We have new evidence now from real-world sugary drink taxes…so our revenue estimates reflect that and their accuracy is much improved.
That said, there are some other changes. For example, we will no longer show the number of gallons consumed or revenue estimates at the local level. That information will only be available at the state level moving forward.
It’s clear that a lot of hard work goes into calculating these estimates. What makes all the time you spend on this worth it?
Policymakers interested in bringing a sugary drink tax proposal to their city, county or state must have projected tax revenue totals to gain legitimate support. This calculator is invaluable to them, especially if the bill they are trying to pass includes language stating that the revenue raised will be re-invested back into community programs and services. The revenue estimate helps them ascertain just how many programs they can fund. That’s huge when trying to earn public support of a sugary drink tax.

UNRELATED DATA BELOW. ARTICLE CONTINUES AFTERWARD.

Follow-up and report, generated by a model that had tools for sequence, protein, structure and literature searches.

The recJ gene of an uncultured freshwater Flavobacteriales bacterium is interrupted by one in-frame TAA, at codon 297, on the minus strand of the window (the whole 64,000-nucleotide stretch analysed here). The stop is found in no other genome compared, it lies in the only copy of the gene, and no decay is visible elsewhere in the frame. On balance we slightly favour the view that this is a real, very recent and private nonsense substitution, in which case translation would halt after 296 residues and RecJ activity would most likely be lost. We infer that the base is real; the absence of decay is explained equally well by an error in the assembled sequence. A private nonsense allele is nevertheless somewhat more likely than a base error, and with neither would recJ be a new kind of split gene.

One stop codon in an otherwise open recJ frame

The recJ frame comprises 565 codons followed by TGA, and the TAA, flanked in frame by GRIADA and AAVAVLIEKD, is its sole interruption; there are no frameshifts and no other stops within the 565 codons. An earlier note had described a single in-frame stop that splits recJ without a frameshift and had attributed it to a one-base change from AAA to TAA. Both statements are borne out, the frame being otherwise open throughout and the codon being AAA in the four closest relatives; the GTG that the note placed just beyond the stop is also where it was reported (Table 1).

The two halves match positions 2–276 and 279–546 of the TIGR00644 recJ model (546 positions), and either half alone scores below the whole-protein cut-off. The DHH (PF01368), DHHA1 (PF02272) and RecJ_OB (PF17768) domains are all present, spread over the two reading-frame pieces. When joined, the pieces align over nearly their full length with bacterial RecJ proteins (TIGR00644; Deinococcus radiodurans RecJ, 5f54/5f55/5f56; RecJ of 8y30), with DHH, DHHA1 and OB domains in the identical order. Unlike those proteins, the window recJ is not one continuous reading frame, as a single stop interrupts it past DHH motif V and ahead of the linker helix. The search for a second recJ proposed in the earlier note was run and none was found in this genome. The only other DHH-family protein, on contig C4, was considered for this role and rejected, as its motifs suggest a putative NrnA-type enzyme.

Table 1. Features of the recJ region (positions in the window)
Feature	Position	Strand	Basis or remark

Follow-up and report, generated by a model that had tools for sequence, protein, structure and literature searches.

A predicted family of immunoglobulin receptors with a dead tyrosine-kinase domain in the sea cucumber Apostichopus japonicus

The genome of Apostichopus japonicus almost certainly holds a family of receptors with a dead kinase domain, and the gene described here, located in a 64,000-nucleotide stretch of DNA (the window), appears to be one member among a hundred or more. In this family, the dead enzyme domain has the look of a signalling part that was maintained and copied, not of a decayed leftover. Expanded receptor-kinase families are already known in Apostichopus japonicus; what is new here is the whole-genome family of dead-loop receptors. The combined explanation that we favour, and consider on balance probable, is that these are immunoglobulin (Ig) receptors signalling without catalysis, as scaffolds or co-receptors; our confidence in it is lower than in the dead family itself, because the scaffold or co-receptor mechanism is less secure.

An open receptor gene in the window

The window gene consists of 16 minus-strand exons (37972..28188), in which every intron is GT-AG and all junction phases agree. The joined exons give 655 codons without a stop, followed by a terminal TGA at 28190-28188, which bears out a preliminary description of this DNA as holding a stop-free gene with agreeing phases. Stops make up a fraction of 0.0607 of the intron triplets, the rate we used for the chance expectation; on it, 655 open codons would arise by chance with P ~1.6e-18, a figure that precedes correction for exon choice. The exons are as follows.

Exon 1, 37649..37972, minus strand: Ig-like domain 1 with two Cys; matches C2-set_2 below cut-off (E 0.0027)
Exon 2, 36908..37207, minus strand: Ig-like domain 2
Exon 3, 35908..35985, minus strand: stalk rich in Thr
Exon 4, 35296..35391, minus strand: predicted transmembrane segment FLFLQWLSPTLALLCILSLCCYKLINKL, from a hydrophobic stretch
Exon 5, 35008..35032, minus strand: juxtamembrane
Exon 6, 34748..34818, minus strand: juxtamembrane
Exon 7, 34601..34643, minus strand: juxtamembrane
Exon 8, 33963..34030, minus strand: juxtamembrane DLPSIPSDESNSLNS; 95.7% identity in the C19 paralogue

What we have seen with the latest research and data is that our new estimates are very close to reality. For example, in Seattle, the amount of revenue raised is very close to what we are predicting. That is a great quality check for our estimates. At the same time, we want to keep in mind that these are still estimates that have uncertainty around them due to data limitations.
How do you feel about seeing your analysis and predictions used in this way?